Snapchat Pulls Juneteenth Filter After User Backlash

New filter prompted users to smile to break computer-generated chains

Snapchat Discover
(Photo by Kevork Djansezian/Getty Images)

Snapchat on Friday removed its Juneteenth filter after users criticized it for being tone deaf. The filter, featuring the Pan-African flag in the background, prompted users to smile to break computer-generated chains.

“We deeply apologize to the members of the Snapchat community who found this Lens offensive,” a Snap spokesperson told TheWrap. “A diverse group of Snap team members were involved in developing the concept, but a version of the Lens that went live for Snapchatters this morning had not been approved through our review process. We are investigating why this mistake occurred so that we can avoid it in the future.”

Digital strategist Mark S. Luckie’s tweet calling attention to the filter was retweeted more than 1,000 times on Friday morning. “This SnapChat #Juneteenth filter is…um…interesting,” he tweeted. “Smile to break the chains? Okay then.”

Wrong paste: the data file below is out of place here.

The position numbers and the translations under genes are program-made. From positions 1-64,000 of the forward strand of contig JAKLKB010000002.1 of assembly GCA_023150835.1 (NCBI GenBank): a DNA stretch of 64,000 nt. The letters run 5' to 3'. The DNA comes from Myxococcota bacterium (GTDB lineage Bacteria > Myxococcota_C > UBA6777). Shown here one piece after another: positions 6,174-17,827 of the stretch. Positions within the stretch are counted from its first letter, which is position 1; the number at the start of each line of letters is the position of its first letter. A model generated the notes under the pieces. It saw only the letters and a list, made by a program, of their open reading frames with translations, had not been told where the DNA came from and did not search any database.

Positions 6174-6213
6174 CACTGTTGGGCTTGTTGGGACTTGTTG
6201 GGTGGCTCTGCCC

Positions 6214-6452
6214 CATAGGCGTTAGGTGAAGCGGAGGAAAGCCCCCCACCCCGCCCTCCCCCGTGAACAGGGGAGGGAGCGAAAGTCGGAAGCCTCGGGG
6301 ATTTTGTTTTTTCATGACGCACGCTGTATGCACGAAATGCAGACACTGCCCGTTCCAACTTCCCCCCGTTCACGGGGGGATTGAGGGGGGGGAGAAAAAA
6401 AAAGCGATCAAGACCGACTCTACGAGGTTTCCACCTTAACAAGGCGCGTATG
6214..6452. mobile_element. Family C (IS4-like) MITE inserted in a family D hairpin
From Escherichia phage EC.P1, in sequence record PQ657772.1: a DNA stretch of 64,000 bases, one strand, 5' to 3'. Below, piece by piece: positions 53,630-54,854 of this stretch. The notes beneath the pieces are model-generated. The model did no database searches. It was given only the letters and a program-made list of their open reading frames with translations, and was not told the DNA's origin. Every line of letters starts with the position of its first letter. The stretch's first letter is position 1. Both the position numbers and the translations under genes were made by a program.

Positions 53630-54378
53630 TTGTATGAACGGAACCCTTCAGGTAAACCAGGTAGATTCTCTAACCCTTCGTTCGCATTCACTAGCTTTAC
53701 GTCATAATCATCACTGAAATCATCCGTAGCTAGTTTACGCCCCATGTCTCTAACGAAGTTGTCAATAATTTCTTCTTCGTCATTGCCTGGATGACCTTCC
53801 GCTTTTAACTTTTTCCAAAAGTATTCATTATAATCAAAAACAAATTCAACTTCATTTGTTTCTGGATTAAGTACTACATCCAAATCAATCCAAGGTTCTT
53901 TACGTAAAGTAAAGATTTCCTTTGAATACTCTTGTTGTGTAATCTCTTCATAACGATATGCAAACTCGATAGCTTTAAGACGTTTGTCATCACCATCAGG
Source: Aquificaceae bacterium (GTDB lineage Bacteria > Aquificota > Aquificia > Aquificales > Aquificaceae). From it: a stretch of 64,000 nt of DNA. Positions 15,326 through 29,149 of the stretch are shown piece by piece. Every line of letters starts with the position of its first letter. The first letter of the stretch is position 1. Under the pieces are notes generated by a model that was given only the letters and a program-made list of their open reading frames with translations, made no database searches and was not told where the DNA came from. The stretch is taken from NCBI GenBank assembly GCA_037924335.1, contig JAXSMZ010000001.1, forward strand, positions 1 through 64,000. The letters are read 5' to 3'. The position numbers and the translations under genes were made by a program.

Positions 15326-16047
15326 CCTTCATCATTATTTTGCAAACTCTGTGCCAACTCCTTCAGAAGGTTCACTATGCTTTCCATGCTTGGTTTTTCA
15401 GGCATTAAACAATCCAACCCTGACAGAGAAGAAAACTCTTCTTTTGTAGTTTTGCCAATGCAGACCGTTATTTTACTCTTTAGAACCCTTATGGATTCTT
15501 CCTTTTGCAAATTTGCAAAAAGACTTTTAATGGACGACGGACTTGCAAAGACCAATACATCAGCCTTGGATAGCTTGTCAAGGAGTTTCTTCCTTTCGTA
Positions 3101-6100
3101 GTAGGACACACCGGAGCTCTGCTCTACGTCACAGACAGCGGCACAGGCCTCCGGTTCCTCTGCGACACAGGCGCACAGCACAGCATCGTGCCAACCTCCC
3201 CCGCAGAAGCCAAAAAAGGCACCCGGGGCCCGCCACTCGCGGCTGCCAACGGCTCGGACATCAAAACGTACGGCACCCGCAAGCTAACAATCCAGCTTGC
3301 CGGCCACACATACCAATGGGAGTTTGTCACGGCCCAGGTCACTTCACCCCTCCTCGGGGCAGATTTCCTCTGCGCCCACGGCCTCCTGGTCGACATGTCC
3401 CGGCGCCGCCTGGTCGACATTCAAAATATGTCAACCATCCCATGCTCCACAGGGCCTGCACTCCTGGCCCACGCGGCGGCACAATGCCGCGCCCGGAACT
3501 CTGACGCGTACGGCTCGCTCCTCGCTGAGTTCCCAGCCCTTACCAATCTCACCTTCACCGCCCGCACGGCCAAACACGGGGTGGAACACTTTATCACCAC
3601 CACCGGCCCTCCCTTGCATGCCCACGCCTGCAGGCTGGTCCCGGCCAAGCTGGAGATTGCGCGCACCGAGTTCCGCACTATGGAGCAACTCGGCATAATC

Juneteenth honors the end of slavery in the United States. The name is a combination of “June” and “nineteenth,” commemorating the date in 1865 when Union soldiers announced in Galveston, Texas, that the Civil War had ended and slaves were free. The event came more than 2 years after President Abraham Lincoln issued the Emancipation Proclamation.

Luckie wasn’t the only one who called out Snapchat’s filter on Twitter, either. Several other users shared their displeasure:


Earlier this month, Snapchat said it would stop promoting President Trump’s account for inciting “racial violence.”  Snap made its decision, according to a company rep, after the president tweeted “vicious dogs” and “the most ominous weapons” were being used against protestors who got “too frisky” in Washington D.C.

“We will make it clear with our actions that there is no gray area when it comes to racism, violence and injustice,” Snap CEO Evan Spiegel said in a memo earlier this month.  “We simply cannot promote accounts in America that are linked to people who incite racial violence, whether they do so on or off our platform.”